Writing at NBC’s Pro Football Talk, Mike Florio (partially referencing points made by Tony Dungy) makes a great point:

On this topic, NBC’s Tony Dungy made an excellent point during Wednesday’s PFT Live.  The 11-5 Jets must play at the 10-6 Colts, and the 12-4 Ravens will be playing at the 10-6 Chiefs.  No one has complained about the inequity of those situations.

And given that the Packers and Eagles have the same record and that the Packers beat the Eagles in Week One, all four wild-card games feature a division winner hosting a team that, technically, had a better overall season.

Talking about playoff reseeding based solely on record is a slippery slope.  It weakens divisons, which I think are aligned about as well as can be expected given the NFL’s current makeup.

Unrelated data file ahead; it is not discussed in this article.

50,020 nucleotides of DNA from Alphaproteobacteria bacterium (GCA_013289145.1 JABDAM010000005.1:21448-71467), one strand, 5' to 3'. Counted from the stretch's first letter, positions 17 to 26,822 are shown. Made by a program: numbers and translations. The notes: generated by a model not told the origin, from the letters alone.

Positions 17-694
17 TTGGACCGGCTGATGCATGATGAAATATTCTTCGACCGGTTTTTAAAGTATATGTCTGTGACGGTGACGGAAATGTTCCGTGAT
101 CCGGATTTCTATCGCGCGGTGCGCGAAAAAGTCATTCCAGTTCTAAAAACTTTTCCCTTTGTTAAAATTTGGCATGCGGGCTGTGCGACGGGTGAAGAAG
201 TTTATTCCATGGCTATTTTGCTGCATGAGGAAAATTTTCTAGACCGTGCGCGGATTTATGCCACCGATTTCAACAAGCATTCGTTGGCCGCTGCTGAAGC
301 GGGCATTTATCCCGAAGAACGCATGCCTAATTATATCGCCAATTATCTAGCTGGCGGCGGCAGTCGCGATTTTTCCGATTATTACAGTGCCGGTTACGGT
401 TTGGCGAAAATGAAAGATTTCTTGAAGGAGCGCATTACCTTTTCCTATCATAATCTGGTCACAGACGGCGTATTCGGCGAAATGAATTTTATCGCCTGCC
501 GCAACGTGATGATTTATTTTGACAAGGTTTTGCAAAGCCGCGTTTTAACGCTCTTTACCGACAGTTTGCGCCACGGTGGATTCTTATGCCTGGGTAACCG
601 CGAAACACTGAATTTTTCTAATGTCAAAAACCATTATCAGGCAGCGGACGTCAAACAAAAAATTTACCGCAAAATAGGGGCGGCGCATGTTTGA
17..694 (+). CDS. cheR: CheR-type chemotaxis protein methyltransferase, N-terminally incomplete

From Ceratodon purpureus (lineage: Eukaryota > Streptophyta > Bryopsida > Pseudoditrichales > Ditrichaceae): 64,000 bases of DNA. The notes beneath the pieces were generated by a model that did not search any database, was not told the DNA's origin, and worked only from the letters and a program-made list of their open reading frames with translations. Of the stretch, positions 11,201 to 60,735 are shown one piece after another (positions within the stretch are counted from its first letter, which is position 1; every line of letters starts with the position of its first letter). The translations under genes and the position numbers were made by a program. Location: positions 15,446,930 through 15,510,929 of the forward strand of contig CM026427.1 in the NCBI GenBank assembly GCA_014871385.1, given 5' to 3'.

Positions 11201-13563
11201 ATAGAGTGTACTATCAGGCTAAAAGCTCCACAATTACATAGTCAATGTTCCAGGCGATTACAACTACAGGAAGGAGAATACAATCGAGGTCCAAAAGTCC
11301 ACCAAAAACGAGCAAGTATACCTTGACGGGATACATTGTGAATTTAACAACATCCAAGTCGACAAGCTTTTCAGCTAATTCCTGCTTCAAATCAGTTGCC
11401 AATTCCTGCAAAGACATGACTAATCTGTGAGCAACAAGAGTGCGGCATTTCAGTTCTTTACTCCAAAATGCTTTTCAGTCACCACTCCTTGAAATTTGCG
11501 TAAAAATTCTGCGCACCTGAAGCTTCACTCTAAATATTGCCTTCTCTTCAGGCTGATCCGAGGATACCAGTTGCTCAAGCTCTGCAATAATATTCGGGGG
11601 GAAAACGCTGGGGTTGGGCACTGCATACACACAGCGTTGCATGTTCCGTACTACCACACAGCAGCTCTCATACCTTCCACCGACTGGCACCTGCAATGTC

1. Validate that my existing Chrome bookmarks and apps are indeed available on the new computer once I sign in. << DONE
  2. Browse the web! (Duh.) << DONE
  3. Plug in my Blue Snowball and Eyeball 2.0 and attempt to use them with GTalk.
  4. Browse to the Squeezebox Server instance on my Windows Home Server to listen to music. << Squeezebox didn’t work.  I got this going with Firefly Media Server and Fireplay.  However, couldn’t save the Fireplay web page as a bookmark or app. Filed a bug report.
  5. Plug in my digital camera and iPhone to upload pictures and video to Flickr. << Plugged in my iPhone and couldn’t browse the file system while trying to use Flickr’s web uploader.  Filed  a bug report.
  6. See, what, if any, of my podcast production workflow might be able to be done using ChromeOS.
  7. Carry it in a side pocket of my main work laptop case and use it while on the go. << DONE.  When you’ve got six geeks ogling your new tech toy, you know it’s popular. 🙂